Testing 101

By Angela Paul
Basically there are two types of standardized tests – norm reference and criterion reference. Here in Georgia we are required to give norm reference tests. A norm reference test answers the question – how does my child compare with other children his


A criterion reference test tells you if you child has learned a certain criteria – can this child add three digit numbers? I personally prefer criterion reference test, but our

law requires the norm based ones. At any rate, a home schooler does not need either test to know how there child is doing. We do want to obey our law, though.

A norm reference test uses three measures to compare children – grade equivalencies, percentiles, and stanines. In my experience grade equivalencies are misunderstood and

percentiles can cause fear, so I prefer stanines.

A grade equivalency tells you how a child in a particular grade would have done on the same test. It does not give you your child’s grade level. Scores are presented as grade followed by month. For instance, if your 3rd grader scores 8.1 in math, it does not mean that she is at 8th grade level in math. What it means is that an 8th grader in his first month of school would have scored what your child did ON THAT PARTICULAR TEST.

They don’t have 8th grade math on the third grade test, so there is no way that a third grade test could tell you that your child was ready for algebra.

The percentile gives you the percentage of kids taking the same test in the same grade that your child out scored. If you child scored in the 87th percentile in math, it means that she scored better than 87 percent of the kids taking the test. Folks can become alarmed if their child scores in the 67th percentile, but that is still a good score. Even a 35th percentile is considered on grade level. Our minds are more geared toward percent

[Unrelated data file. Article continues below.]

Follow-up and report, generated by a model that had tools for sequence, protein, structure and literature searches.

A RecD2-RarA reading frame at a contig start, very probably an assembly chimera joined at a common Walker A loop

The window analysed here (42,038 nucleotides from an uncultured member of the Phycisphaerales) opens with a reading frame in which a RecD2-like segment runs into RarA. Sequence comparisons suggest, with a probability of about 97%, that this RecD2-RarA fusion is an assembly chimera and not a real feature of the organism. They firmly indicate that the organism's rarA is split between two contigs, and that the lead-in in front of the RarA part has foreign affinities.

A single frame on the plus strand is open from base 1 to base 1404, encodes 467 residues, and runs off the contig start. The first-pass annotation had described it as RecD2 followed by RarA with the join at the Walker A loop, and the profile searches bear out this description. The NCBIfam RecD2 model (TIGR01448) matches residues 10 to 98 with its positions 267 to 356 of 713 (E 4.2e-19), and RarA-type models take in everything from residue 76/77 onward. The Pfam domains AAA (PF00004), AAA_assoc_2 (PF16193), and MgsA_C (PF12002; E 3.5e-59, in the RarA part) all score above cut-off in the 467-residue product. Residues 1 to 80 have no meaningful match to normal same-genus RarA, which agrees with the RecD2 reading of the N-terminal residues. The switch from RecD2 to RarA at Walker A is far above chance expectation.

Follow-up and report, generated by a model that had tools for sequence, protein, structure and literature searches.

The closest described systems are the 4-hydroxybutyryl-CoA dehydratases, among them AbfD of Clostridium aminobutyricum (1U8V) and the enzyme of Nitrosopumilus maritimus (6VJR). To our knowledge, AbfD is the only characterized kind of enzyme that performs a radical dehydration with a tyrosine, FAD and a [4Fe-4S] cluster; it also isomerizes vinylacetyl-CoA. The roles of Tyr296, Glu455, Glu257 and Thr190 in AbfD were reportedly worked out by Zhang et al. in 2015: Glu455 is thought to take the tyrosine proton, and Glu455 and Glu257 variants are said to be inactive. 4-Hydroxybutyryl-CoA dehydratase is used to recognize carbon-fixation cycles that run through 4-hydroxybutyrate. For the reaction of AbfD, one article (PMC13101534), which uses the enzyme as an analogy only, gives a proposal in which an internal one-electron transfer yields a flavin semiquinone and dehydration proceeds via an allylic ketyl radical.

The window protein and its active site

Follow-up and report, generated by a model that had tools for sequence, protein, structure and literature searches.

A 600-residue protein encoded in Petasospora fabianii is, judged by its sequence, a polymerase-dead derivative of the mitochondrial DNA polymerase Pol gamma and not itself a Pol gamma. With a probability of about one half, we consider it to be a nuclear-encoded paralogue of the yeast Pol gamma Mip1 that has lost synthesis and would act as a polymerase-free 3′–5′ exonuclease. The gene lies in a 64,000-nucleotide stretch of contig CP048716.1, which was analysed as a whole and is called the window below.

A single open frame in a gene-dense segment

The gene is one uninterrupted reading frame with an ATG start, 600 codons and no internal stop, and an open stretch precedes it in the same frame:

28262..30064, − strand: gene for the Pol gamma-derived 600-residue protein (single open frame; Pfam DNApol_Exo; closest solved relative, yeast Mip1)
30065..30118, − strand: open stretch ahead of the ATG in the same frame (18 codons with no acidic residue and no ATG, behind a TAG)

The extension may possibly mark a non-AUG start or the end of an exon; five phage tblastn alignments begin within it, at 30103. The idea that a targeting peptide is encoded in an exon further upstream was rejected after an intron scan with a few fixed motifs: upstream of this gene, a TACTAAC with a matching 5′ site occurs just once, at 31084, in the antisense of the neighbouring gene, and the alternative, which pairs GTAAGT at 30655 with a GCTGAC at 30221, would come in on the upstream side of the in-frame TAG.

correct, so we tend to have problems with percentiles (unless our kids have a very high score). Percentiles also sound more precise then they really are.

My favor indicator is the stanine. Stanine is short for standard nine. The population of students is divided into nine categories based on their scores and given a number 1 through 9. Scores of 9, 8, and 7 are above average, 6, 5 and 4 being average and 3, 2, and 1 below average. A difference of two stanines is significant. For instance if your child scores in the 9th stanine in math and in the 7th stanine in reading comprehension, one could say that your child is above average in both areas but definitely stronger in math skills.

The most useful information on standardized test results is the detailed breakdown in each area. Some testing companies do a very poor job in this area and I would ask to see a sample of the reporting form before I shelled out any money. A detailed analysis would allow you to see if your child has trouble with adding fractions or decimals, spelling words with “ie”, or making inferences when reading. As the homeschooling

teacher/parent you probably already know this information, but if you are going to test you might as well get something more out of it than a grade equivalency.

Another type of test that homeschoolers some times use in lieu of a standardized test is a diagnostic test. The test that Alpha Omega sells is an example. These tests can be useful in placing a child in a particular curriculum, but these tests are not standardized.

Each spring, I administer standardized tests for several weeks. I always have very mixed feelings about it, but I do this as a service to our community. I think that testing is a part of the real world and I want our kids to be prepared for it. With the younger children I like for them to come in a day early and meet each other and get used to my house. I had four little second grade boys several years ago and they were quite interested in each other’s families, houses, dads. They became friends.

We always try to have a relaxed atmosphere and have snack breaks and usually a kick ball game in the cul de sac each day. (I always try to let my neighbors know in advance what we are doing, but they are used to seeing kids coming and going from my house.) I always emphasis to the kids that there will be things they may have not seen on the tests and that only myself and their parents get the results. I tell them that the test will just help their mom choose curriculum and that it is really more of a test on mom then on them!

I do spend time in consultation with each parent. We look over the results, but spend a good bit of time talking about methods of instruction, learning styles, and ideas for curriculum. Usually if a child scores poorly in a particular area, it is because that area was not covered, or the questions were asked in a way that was very unfamiliar to the students.

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